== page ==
In a new statement, Yale Law School professors Amy Chua and Jed Rubenfeld are denying claims that they ever advised female students to dress in an “outgoing” way when interviewing for law clerkships in Brett Kavanaugh’s office.
Last week, news broke that Chua, who has endorsed Kavanaugh’s supreme court nomination, describing him as a “mentor to women,” revealed to a group of law students that it was “not an accident” that all of Kavanaugh’s female law clerks “looked like models.” This observation was reportedly corroborated by husband and fellow Yale Law School professor Rubenfeld, who allegedly told a student that Kavanaugh “hires women with a certain look.” Now, in a letter sent to Yale Law School faculty, staff, and students, Rubenfeld, on behalf of Chua and himself, is denying the comments and their connotations.
The message, which was sent on September 22 and shared with Refinery29 by their spokesperson, reads:
“Everything that is being said about the advice I give to students applying to Brett Kavanaugh — or any judge — is outrageous, 100% false, and the exact opposite of everything I have stood for and said for the last 15 years. I always tell students to prep insanely hard — that substance is the most important thing. I advise them to read every opinion, including dissents, the judge has ever written as well as important recent cases from the circuit and Supreme Court. I tell them to review all the black-letter courses they've taken and to be prepared to answer hard questions about their writing sample. I tell them to be courteous to everyone, including the staff and clerks. I advise students, male and female, to dress professionally – not too casually – and to avoid inappropriate clothing. I remind them that they are interviewing with a member of the judiciary. I always try my best to be frank and transparent, and to hold students to the highest professional standard, and every year for the last decade I have been invited by affinity groups like Yale Law Women, the Black Law Students Association, and Outlaws to host clerkship advice sessions. My record as a clerkship mentor, especially for women and minorities, is among the things I'm most proud of in my life.”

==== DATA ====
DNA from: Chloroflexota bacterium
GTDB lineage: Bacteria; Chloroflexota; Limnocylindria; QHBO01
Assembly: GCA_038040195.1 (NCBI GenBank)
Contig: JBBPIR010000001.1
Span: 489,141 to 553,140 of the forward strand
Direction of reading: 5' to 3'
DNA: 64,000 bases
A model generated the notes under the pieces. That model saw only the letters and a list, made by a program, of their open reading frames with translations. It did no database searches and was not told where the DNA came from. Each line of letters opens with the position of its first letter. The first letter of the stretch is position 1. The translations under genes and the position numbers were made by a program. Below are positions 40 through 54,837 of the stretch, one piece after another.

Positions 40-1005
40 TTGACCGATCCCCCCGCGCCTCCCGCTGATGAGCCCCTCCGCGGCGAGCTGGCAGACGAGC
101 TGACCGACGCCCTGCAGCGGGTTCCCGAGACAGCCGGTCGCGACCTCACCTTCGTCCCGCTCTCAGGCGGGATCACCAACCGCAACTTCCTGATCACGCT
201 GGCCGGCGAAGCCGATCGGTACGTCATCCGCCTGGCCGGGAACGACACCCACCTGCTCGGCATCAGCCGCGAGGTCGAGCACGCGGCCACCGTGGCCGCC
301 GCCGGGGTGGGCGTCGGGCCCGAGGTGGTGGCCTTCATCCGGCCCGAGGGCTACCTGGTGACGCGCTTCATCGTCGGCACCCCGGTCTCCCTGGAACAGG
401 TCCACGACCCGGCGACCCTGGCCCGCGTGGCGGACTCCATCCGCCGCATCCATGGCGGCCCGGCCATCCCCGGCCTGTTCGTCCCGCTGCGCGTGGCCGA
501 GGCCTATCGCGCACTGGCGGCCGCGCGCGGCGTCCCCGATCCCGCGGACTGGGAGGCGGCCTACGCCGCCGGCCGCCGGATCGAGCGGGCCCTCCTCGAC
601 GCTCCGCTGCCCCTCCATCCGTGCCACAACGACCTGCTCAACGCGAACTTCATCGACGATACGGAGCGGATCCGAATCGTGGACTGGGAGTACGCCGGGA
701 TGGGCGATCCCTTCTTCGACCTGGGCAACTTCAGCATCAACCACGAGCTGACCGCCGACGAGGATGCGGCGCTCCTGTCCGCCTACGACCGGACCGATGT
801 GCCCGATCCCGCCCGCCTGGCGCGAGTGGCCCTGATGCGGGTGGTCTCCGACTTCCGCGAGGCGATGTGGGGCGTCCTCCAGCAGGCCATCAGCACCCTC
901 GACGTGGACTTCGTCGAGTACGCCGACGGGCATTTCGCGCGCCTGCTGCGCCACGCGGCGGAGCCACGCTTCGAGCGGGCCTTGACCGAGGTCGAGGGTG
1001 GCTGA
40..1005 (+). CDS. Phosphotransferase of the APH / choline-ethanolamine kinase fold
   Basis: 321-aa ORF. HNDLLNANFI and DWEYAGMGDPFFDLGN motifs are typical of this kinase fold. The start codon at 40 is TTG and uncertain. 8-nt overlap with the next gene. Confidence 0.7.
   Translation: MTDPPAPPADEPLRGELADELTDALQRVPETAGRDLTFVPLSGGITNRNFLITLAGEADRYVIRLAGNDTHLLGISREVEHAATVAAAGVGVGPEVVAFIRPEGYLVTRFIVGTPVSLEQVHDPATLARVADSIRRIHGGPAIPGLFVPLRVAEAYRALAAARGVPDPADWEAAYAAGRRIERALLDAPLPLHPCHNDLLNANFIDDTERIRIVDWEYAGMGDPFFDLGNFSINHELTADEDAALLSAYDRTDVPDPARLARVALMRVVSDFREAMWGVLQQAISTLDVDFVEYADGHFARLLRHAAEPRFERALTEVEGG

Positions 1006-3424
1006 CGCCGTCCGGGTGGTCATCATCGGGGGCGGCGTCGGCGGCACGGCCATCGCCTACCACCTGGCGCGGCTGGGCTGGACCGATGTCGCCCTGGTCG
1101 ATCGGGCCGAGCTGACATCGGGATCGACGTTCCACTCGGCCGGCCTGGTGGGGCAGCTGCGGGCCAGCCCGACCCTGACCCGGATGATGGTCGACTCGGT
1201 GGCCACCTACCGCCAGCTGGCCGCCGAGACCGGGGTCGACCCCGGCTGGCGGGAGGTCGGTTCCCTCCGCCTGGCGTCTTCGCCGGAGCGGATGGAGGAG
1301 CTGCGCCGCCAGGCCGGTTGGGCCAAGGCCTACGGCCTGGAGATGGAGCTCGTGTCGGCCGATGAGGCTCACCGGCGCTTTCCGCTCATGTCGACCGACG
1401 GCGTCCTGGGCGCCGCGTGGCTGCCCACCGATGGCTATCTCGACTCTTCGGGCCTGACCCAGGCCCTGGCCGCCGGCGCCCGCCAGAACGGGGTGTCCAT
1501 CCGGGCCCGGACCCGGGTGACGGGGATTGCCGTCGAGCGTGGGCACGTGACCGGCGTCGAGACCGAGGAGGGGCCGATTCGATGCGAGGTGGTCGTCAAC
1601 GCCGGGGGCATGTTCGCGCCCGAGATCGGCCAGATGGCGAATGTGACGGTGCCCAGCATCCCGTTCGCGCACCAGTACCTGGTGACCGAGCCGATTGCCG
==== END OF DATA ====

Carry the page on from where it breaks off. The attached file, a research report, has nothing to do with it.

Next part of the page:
Sources spoke to The Guardian under the condition of anonymity for fear of retaliation that could negatively affect their careers. Both Chua and Rubenfeld have been described as powerful and holding a lot of influence at the law school, often connecting students to jobs and rewarding loyalty. Rubenfeld is currently under internal investigation at Yale for his conduct with female law students. The investigation began before Trump nominated Kavanaugh for Supreme Court. In a statement to The Guardian, Rubenfeld said he was not allowed to know the specifics of the investigation, but that he was advised that “the allegations were not of the kind that would jeopardize my position as a long-tenured member of the faculty.” Yale could not confirm or deny the existence of an internal investigation into Rubenfeld.
Chua has already denied the allegations that women were hired for clerkships under Kavanaugh based on their looks. In a previous statement given to Refinery29 on September 20, Chua said, “Kavanaugh’s first and only litmus test in hiring has been excellence.”